What Are The Signs of Teen Drug and Alcohol Abuse?

It happens all the time: a teen gets arrested, rushed to the hospital (or worse) for abusing alcohol or other drugs and his or her parents are caught completely off-guard, insisting they had no idea their child had ever tried drugs. The warning signs of drug abuse are often subtle, bur for vigilant parents, recognizing them is the first line of defense against teen drug abuse and addiction. Substance addiction is defined by the Scripps Research Institute as “a chronic relapsing brain disorder characterized by a compulsion to take a drug with loss of control over drug intake.” Teens are especially susceptible to substance abuse and developing an addiction. Adolescence is a time when both the body and brain undergo significant changes and social expectations shift. Stress, peer pressure and curiosity are all factors that can drive a teen toward drug abuse. However, recent studies point to drug use early in life as a huge risk factor in the development of addiction, which makes identifying teen drug abuse early on all the more important. There are numerous signs of drug and alcohol abuse, with different drugs often causing different physical symptoms; however, many of the warning signs are the same. Keep in mind that anyone who abuses drugs, regardless of age, will typically hide symptoms and problems for as long as possible, blatantly lying if necessary.

Physical Signs of Teen Drug Abuse

While changes in health and appearance due to drug or alcohol abuse varies from person to person and drug to drug, below are some of the more common warning signs to look out for:

  • Changes in appetite
  • Sudden weight gain or loss
  • Eyes that appear glassy, bloodshot, unfocused, with constricted or dilated pupils
  • Impaired coordination, slurred speech
  • Overall sickly or haggard appearance
  • Changes in sleeping patterns, such as insomnia or drowsiness

Psychological Signs of Teen Drug Abuse

The psychological warning signs of drug abuse in teens can be a little more difficult to pin down, as many of these signs are also perfectly normal during adolescence. If one or more of these signs show up along with behavioral or physical changes, however, drug abuse may be the cause:

  • Sudden, dramatic mood swings, including angry or even violent outbursts
  • Listlessness, appearing “out of it”
  • Manic episodes of hyperactivity or giddiness, sometimes followed by depression
  • Paranoia, anxiety

Behavioral Signs of Teen Drug Abuse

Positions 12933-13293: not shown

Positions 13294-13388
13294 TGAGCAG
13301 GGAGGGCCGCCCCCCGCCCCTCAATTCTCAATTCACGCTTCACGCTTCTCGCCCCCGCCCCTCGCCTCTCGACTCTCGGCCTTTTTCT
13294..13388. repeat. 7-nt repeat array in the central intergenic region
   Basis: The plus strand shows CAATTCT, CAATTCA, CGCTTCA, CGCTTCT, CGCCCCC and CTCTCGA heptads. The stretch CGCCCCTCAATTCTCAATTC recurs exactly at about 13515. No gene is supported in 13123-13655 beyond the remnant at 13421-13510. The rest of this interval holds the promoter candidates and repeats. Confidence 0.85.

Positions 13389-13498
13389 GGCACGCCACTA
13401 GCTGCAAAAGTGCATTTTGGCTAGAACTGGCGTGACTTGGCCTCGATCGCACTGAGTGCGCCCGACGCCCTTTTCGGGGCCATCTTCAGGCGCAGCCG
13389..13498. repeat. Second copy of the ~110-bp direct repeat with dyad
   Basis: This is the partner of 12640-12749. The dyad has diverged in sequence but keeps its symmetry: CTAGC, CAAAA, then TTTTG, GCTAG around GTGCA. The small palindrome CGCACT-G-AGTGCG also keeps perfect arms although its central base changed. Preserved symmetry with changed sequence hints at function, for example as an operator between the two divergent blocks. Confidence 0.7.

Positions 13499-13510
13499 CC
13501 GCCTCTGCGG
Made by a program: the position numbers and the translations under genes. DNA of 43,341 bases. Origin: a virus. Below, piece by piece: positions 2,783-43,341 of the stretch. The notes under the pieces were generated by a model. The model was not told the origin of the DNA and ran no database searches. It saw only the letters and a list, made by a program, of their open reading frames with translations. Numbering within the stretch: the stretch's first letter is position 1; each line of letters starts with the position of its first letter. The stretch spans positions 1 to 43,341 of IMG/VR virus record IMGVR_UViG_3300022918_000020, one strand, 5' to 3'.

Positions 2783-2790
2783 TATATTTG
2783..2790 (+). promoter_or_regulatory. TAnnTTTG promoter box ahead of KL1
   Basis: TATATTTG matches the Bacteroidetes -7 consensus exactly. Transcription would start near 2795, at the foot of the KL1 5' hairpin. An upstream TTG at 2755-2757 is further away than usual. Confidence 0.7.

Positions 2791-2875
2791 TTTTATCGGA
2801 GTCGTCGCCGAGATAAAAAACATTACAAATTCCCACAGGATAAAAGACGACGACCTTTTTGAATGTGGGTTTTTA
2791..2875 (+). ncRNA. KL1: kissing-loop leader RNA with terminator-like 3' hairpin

Like the psychological signs of drug abuse, the following behaviors, when in isolation, could simply be part of growing up:

  • Sudden change in friends
  • Poor academic and work performance
  • Engaging in high-risk behaviors
  • Sudden personality changes
  • Defensive secretive behavior
  • Unexplained spending habits
  • Withdrawal from recreational and social activities

Other Signs of Teen Drug Abuse

Besides the warning signs exhibited by your teen, there may be other signs around the household that should raise a red flag:

  • Missing money or valuable possessions, such as jewelry
  • Prescribed medication that goes missing or suddenly needs refills more often
  • Missing bottles of wine or other alcoholic drinks
  • Drug paraphernalia, including syringes, pipes, needles, burnt foil or spoons, liquor bottles and cigarette butts in and around the home

Remember, many signs and symptoms of drug abuse, such as mood swings or moderate weight gain, are also a normal part of adolescence for many teens. In isolation, one or two of these signs may not be cause for concern. Be wary, however, if multiple signs of drug abuse occur. At the same time, beware of denial. It can be hard to accept that your child needs intervention, and teens who abuse alcohol and drugs do not fit into any one stereotype. A high-achieving student may abuse drugs to cope with stress and improve performance just as often as a star athlete may take up heavy drinking to unwind after a game. Very few teens seek out treatment for drug abuse when they need it, but early intervention is key to preventing severe physical and social problems later on in adulthood. Recognizing the signs of drug and alcohol abuse may then be seen as the first and necessary step toward addiction prevention, rehabilitation and setting your teen up for success in life.

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